CAPE ELIZABETH, Maine — When an organization at Cape Elizabeth High School decided to hold a contest, the members thought they would just be helping girls who wanted to go to prom.

They since have realized their efforts have had a much larger impact, as they have spurred student creativity and inspired others to volunteer and give back.

The school’s Cape Closet collects old prom dresses to give to students who can’t afford their own. Many of the donated dresses, however, have been deemed too old: Not many students were interested in puffy sleeves and shoulder pads.

To salvage the dresses and make them desirable, members of the club started a contest to redesign them with a modern look.

“I’m not expecting them all to be masterpieces, but it’s OK,” senior Caroline Garfield, Cape Closet president, said.

Garfield said of the 150 dresses the club has collected, about 50 have been classified as needing modifications. Students who wish to participate in the contest can pick out a dress, alter it in any way they choose and give it back to the club by April 1 so a girl in need can receive it.

Not only does this provide more dresses to give away, but Garfield said the contest taps into a side of CEHS that often is overshadowed.

“Our school is very math and science oriented, so our redesign program engages the more creative students,” she said. “There are some people in our school who are more crafty.”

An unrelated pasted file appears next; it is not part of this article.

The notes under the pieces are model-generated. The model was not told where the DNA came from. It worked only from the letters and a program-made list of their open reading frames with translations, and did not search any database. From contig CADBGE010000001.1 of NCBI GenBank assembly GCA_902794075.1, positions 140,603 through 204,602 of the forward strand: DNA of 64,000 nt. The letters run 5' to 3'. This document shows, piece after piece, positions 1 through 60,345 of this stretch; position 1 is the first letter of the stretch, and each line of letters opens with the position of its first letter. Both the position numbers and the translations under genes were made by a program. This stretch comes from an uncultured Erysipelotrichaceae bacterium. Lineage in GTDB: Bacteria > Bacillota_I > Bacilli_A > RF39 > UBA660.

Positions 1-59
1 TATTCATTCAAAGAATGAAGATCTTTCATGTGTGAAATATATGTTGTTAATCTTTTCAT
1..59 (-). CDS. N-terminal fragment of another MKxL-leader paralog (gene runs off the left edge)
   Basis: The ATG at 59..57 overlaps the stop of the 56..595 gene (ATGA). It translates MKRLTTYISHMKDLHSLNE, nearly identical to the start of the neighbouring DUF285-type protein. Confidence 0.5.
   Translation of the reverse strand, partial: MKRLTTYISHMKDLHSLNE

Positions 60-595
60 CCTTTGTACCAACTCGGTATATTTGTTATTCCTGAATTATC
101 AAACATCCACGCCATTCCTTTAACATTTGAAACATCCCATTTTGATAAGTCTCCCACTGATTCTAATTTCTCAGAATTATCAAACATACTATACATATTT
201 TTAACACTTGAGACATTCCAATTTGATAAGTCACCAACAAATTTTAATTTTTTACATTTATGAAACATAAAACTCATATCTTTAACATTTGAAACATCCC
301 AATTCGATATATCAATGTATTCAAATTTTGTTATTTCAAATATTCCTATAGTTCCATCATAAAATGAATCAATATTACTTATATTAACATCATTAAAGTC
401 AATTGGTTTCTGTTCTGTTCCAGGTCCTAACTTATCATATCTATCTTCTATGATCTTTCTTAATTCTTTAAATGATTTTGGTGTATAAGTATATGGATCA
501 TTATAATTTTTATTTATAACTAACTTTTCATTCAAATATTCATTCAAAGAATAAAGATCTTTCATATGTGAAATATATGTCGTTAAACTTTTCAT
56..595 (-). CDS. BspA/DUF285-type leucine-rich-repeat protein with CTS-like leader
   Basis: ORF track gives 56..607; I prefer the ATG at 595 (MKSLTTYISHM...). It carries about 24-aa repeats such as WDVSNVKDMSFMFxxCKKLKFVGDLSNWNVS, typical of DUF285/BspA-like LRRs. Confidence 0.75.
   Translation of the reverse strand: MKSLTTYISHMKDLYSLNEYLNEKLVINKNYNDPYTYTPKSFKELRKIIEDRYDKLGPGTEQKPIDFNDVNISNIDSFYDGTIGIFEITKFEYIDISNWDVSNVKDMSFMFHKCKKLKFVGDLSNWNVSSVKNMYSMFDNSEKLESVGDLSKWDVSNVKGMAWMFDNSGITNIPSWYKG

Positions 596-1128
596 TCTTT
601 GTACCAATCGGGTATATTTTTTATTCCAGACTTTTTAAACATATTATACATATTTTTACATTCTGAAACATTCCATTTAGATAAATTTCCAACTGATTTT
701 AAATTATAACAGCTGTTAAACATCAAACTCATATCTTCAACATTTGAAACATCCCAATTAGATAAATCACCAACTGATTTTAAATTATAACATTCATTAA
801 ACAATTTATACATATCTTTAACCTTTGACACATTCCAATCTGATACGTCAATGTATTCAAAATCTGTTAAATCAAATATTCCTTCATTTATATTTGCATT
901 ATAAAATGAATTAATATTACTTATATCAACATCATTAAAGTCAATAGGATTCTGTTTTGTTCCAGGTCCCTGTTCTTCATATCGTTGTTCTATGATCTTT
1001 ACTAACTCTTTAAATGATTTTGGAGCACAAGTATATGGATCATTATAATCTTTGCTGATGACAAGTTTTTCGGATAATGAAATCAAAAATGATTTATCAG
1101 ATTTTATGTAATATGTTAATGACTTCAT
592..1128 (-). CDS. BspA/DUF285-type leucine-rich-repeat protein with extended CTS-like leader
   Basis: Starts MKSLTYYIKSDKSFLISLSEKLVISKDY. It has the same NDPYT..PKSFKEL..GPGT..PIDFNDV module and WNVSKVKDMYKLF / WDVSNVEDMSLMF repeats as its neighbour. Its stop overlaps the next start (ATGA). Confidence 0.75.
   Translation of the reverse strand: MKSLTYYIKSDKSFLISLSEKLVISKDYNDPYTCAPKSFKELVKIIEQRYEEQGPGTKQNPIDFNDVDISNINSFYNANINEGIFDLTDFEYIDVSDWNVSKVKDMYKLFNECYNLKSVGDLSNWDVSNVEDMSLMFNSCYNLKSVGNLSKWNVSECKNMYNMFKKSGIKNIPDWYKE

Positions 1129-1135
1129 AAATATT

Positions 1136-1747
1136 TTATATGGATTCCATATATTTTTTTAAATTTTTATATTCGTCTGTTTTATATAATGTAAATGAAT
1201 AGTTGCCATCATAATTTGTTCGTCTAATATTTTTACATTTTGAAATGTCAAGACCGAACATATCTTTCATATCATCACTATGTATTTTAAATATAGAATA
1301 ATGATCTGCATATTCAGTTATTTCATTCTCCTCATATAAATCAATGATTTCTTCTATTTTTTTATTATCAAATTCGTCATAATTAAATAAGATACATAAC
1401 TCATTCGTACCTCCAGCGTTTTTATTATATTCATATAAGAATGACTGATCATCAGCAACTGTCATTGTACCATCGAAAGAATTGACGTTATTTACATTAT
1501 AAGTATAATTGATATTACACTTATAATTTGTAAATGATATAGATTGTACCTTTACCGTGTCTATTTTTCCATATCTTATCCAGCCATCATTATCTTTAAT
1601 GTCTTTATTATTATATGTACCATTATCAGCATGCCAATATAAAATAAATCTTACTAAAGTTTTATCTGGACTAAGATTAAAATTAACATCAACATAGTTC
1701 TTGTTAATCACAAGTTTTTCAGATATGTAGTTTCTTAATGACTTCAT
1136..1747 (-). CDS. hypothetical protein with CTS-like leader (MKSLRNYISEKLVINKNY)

Garfield said about 30 students have taken dresses to redesign. She said they were excited about working with the dresses, because they were “so cool and so vintage.”

Garfield said many students who took dresses are interested in fashion, and the contest allows them to experiment with design and be creative. She said students plan on altering hemlines, cutting off sleeves and “adding bling” to bring the dresses up to date.

Garfield said there will be prizes for the first-, second- and third-best dresses, though she’s not sure what the awards will be — most likely cash prizes or gift cards.

While this is the first year of the redesign contest, Garfield said this is Cape Closet’s third year as an organization. It was started by former CEHS student Zoe Gillies, who graduated in 2014. Garfield said Gillies won an award for her volunteer efforts with the organization, and the contest is a way to get more people interested in giving back.

Garfield said between the students who are redesigning dresses and the community members who donated them in the first place, Cape Closet is “fostering a community of volunteering.”

Garfield said she knows Cape Elizabeth is a more affluent community, though, and that in most cases girls can afford prom dresses. Because of this, Cape Closet also brings dresses to schools in surrounding communities so more girls can be helped.

“The whole redesign thing is getting the school community involved in an issue that might not directly affect our school but could affect other girls who aren’t as well off,” Garfield said.

Sophomore Elise Mullen, Cape Closet vice president, said the club wants to make people feel happy about prom, not anxious about not being able to afford it.

“I think people always look back at high school prom,” Mullen said. “If they don’t have enough money and feel like they can’t afford a nice dress, they might be upset. We want to make people feel good.”

Garfield agreed and said it’s important that anyone who wants to go to prom should be able to and that rising costs associated with the dance shouldn’t get in the way.

“I think it’s important, because prom is this rite of passage in high school and I think it should be accessible to everyone, regardless of income,” she said.